Rueda de Casino

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Rueda de Casino (Rueda, Salsa Rueda, Salsa Rueda de Casino) is a particular type of Salsa round dance. Some people incorrectly call it "Casino Rueda" and "Cuban Salsa."

History[edit]

Rueda de Casino was developed in Havana, Cuba in the late 1950s and early 1960s by the group Guaracheros de Regla and one of its main choreographers and creators was Jorge Alfaro from San Miguel del Padrón, a soloist of a comparsa. As a result of the Castro regime, many Cubans emigrated to the US, many to the Miami area. They took their culture with them, including various dishes, music and dancing. Rueda de Casino began to slowly make its way into the Miami salsa community and in the late 1980s and early 1990s it experienced an enormous explosion of popularity. From Miami, Rueda de Casino spread first to major U.S. metropolitan centers with large Hispanic populations and eventually to other cities, becoming a popular dance around the world.[1] In 2014, the first International Rueda de Casino Multi Flash Mob took place in which people from 67 countries, including 199 cities, danced Rueda de Casino simultaneously.[2]

Description[edit]

Pairs of dancers form a circle, with dance moves called out by one person, a caller (or "líder" or "cantante" in Spanish). Many moves have hand signs to complement the calls; these are useful in noisy venues, where spoken calls might not be easily heard. Most moves involve the swapping of partners, where the partners move around the circle to the next partner. The combination of elaborate dance combinations and constant movement of partners create a visually spectacular effect.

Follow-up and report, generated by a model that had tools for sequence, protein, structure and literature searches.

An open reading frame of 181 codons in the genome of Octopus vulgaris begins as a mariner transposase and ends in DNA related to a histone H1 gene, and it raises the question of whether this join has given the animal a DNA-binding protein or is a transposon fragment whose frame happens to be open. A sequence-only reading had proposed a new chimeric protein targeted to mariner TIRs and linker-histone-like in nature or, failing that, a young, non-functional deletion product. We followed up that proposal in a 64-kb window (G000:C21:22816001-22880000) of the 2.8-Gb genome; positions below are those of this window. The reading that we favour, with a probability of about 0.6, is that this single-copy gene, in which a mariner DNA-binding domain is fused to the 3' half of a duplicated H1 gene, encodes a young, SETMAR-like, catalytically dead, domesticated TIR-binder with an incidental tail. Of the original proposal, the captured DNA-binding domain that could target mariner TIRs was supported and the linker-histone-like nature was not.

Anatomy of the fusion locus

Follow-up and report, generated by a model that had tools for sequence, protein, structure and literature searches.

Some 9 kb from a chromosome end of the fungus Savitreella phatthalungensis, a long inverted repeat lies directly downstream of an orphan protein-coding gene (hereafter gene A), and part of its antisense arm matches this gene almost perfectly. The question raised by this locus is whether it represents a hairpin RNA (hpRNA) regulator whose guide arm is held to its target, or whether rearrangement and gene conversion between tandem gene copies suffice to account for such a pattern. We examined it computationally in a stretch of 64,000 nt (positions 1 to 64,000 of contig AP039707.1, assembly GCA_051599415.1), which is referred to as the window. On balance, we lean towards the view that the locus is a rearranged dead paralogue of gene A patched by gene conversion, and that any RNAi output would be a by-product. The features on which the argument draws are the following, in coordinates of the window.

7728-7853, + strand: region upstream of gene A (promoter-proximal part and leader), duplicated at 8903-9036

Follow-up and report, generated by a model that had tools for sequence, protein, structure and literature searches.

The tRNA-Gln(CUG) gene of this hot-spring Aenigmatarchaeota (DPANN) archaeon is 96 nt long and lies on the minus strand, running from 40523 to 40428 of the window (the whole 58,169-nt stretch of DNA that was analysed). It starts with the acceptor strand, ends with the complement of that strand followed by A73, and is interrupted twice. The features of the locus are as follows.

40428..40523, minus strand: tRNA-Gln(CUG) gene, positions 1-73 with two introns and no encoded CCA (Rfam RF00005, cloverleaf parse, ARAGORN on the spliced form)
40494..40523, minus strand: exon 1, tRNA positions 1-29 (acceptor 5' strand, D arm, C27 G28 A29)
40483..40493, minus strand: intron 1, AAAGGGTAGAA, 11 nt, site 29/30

The names of the moves are mostly in Spanish, some in English (or Spanglish; e.g., "un fly"). Some names are known in slightly different versions, easily recognizable by Spanish-speaking dancers, but may be confusing to the rest. Although the names of most calls are presently the same across the board, the different towns in Cuba use their own calls. This is because the pioneers of Rueda de Casino wanted to keep others from participating in their Rueda. Many local variations of the calls can now be found. They can change from town-to-town or even from teacher-to-teacher. There are many different variations of moves in Rueda de Casino.

The circle will either start from "al Medio" (normal closed hold with all the couples stepping in and out of the circle) or from Guapea (stepping forward on the inside foot and backward on the outside foot, tangent to the circle). Some of the most common moves in Rueda include: Dame, Enchufle, Vacila, and Sombrero. You can readily find an extensive list of Rueda de Casino moves in various websites.[3][4] There are different hand motions that the caller can signal in case one's voice cannot be heard over the loud music. For example, the hand signal for Sombrero is the caller tapping the top of his or her head. This move is signaled when everyone in the circle is stepping backward.

Filmography[edit]

Rueda de Casino scenes may be seen in the movie Dance with Me and in the music video clip No me dejes de querer by Gloria Estefan. Rueda de casino dance may also be seen in the documentary film "La Salsa Cubana."

See also[edit]

References[edit]

External links[edit]